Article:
OFAC has long devoted significant resources to compiling evidence on SDNs that routinely withstand challenges in court, which enhances the effectiveness of United States sanctions, encourages allies to consider comparable measures, and strengthens national security.
On June 3, 2021, the President issued Executive Order 14032, which transferred responsibility for naming Chinese military companies subject to investment restrictions to the Secretary of the Treasury, and expanded restrictions to entities operating in the surveillance technology sector of the Chinese economy.
Sense of Congress
It is the sense of the Congress that the national emergency declared under Executive Order 13959 calls for the President to—
more fully cut off financing avenues for Communist Chinese military and surveillance companies;
prevent adaptation by a company to partial restrictions that limit themselves to publicly traded securities;
ensure that the United States assembles an appropriate evidentiary basis to support the effectiveness of sanctions;
enhance the impact of economic sanctions by deterring third-country persons from dealing with the companies; and
link the imposition of sanctions to clear objectives that serve to resolve the national emergency.
Sanctions with respect to Communist Chinese military and surveillance companies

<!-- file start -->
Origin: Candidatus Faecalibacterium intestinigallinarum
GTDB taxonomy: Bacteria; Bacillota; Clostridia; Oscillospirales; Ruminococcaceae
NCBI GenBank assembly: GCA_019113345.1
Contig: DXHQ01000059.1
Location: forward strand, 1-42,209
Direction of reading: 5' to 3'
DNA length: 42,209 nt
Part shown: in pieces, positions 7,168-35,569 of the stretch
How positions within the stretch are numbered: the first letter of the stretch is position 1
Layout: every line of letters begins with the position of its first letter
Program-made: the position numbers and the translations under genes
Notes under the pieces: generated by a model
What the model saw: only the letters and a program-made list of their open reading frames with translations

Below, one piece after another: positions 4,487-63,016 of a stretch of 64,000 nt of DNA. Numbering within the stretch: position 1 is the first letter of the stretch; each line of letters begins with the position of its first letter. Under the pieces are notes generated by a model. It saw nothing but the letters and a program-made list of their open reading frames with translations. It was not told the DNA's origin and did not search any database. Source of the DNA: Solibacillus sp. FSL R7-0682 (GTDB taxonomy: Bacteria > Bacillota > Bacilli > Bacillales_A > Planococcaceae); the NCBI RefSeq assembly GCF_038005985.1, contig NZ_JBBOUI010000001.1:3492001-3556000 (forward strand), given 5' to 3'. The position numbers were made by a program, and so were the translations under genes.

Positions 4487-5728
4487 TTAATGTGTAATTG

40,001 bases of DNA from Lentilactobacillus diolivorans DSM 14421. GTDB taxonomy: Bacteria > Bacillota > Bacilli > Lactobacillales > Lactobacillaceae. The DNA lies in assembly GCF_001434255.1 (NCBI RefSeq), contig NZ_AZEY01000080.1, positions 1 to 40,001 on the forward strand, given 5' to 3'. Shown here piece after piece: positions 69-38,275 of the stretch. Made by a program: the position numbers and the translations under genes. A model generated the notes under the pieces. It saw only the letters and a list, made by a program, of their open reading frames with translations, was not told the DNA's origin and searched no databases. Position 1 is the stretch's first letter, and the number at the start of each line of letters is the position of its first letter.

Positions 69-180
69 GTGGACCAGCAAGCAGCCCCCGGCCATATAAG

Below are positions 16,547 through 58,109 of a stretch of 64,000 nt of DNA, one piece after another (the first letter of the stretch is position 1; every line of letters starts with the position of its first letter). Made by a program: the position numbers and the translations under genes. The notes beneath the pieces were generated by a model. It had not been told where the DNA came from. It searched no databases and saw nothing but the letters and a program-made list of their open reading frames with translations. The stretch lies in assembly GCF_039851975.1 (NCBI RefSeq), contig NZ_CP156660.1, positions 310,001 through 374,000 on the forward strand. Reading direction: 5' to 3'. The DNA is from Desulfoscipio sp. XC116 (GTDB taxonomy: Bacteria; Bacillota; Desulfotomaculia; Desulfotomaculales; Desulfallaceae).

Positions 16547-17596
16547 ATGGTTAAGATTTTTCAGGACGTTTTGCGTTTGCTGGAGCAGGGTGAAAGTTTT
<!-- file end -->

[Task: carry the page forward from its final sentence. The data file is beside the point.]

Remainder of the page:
Not later than 180 days after the date on which the first updated list is submitted under section 1237(b) of the Strom Thurmond National Defense Authorization Act for Fiscal Year 1999 (50 U.S.C. 1701 note) on or after the date of the enactment of this Act, the President shall impose the sanctions described in subsection (b) with respect to—
each person that is on such updated list; and
each foreign person listed in the Annex to Executive Order 13959 (85 Fed. Reg. 73185; relating to addressing the threat from securities investments that finance Communist Chinese military companies) of November 17, 2020, or determined by the Secretary of the Treasury, in consultation with the Secretary of State, and, as the Secretary of the Treasury determines appropriate, the Secretary of Defense, to engage in the activities described under section 1(a)(i) or 1(a)(ii) of such Executive Order 13959,